The outcome of the European Parliament (“EP”) elections, which ended on May 25, will lead to a more unstable political landscape. This will require companies interacting with EU legislators to adapt their lobbying strategies. They are likely to find a shift away from the current pro-business approach in the European Parliament and Commission.
The most significant fact about the elections is that the three main parliamentary groups all lost seats. The center-right European People’s Party (EPP) remains the largest group, but they will have only 213 out of the 751 seats. The center-left Socialists will have 191 seats and the Liberals (center) 64 seats. Winners are fringe parties, particularly those who are anti-EU, anti-establishment, nationalists, or populist.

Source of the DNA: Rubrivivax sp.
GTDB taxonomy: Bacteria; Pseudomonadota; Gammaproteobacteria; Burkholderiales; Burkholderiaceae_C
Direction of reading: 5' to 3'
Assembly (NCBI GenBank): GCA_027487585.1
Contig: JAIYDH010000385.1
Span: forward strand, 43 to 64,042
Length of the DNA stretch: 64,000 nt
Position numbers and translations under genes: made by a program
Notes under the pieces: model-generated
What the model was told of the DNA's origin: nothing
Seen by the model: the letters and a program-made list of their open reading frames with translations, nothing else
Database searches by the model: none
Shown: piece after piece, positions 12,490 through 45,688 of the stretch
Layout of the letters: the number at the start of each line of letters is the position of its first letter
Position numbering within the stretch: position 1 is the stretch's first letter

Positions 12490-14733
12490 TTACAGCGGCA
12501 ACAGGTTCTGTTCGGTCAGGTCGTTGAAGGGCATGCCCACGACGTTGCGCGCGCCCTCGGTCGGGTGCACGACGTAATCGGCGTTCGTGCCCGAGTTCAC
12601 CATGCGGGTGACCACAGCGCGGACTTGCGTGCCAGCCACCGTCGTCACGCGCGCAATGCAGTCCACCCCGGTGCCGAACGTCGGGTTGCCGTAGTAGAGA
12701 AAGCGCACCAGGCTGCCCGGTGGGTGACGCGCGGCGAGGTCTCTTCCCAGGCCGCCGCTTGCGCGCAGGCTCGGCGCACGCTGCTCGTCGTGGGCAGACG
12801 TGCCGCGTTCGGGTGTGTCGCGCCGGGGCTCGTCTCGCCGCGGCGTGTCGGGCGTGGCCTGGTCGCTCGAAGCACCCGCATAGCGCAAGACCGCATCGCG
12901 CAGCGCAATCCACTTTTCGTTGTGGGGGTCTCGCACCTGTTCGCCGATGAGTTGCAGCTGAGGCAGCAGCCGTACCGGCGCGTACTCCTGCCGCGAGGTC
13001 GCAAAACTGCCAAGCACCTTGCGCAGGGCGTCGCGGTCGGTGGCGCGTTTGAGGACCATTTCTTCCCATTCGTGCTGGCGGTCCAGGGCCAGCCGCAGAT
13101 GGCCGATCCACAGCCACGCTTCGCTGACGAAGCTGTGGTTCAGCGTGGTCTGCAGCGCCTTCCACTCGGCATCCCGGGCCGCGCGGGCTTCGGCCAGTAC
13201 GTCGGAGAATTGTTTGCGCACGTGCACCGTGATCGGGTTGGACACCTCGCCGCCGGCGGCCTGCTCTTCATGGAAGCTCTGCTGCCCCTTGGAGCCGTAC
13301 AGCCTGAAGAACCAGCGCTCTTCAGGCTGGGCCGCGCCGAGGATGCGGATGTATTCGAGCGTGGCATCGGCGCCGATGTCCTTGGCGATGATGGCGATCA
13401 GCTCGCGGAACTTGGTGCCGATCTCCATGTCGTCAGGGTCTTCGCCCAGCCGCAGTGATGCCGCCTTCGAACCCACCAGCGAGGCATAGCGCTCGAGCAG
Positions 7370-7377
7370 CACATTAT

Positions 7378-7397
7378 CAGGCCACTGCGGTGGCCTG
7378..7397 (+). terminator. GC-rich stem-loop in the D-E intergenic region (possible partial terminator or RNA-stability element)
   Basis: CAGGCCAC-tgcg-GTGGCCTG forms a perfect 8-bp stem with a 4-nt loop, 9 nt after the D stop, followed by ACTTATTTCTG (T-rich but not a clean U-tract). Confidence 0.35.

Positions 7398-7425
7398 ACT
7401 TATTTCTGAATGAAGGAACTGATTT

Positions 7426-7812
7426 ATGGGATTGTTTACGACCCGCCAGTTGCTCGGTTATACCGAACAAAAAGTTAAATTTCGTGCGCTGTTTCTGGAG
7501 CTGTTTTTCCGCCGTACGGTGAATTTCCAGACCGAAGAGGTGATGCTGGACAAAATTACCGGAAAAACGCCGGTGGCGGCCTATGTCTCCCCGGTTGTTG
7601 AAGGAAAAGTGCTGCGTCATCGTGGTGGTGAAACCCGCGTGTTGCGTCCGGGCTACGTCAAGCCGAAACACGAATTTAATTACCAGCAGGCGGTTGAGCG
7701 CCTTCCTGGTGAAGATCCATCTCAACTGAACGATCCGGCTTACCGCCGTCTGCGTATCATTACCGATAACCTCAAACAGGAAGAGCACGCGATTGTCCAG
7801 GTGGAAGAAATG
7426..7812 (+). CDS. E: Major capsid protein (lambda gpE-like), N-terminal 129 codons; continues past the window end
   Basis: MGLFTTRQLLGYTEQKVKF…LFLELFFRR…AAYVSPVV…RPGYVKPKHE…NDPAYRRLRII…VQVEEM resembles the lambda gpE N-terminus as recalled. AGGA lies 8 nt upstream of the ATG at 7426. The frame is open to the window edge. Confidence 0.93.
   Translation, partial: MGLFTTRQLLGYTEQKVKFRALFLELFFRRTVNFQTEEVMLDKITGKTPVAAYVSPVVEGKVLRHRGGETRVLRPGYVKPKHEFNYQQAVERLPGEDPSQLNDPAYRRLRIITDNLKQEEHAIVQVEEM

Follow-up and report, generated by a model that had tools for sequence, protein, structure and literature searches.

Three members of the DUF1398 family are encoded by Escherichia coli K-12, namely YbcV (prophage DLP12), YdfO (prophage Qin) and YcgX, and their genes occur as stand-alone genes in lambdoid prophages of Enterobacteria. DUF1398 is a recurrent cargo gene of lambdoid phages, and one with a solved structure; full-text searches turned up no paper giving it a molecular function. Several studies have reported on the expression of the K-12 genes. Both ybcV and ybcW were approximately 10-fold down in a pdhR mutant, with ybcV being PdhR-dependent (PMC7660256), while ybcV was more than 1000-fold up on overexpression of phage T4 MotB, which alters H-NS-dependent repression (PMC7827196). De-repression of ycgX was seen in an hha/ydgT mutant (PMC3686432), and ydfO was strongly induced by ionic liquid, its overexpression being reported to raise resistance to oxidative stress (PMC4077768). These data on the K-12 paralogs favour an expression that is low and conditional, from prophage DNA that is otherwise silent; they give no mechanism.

This is a prescription for gridlock and unpredictability. In the past, the traditional coalitions of the EPP on the right with the Liberals and the ECR, dominated by British conservatives had an absolute majority. No longer. Now the major parties will have to reach an agreement with fringe parties to pass legislation in this fragmented Parliament. And that will not be easy because the anti-EU parties could ultimately represent up to 25 percent of the European Parliament.
As a result, there is likely to be volatility in EU public policy decisions in the months ahead. Companies doing business in Europe will face considerable uncertainty regarding the way the European Parliament and Commission will develop. It is likely there will be a shift away from the current pro-business approach. Social priorities may become more important and the anti-EU parties may seek to block any meaningful legislation.
Companies are urged to strengthen their ties with reelected MEPs and to build ties with newly elected members. More than half of the Parliament has been reelected which will permit experienced MEPs to play a more dominant role. The situation is fraught with risk but also opportunity.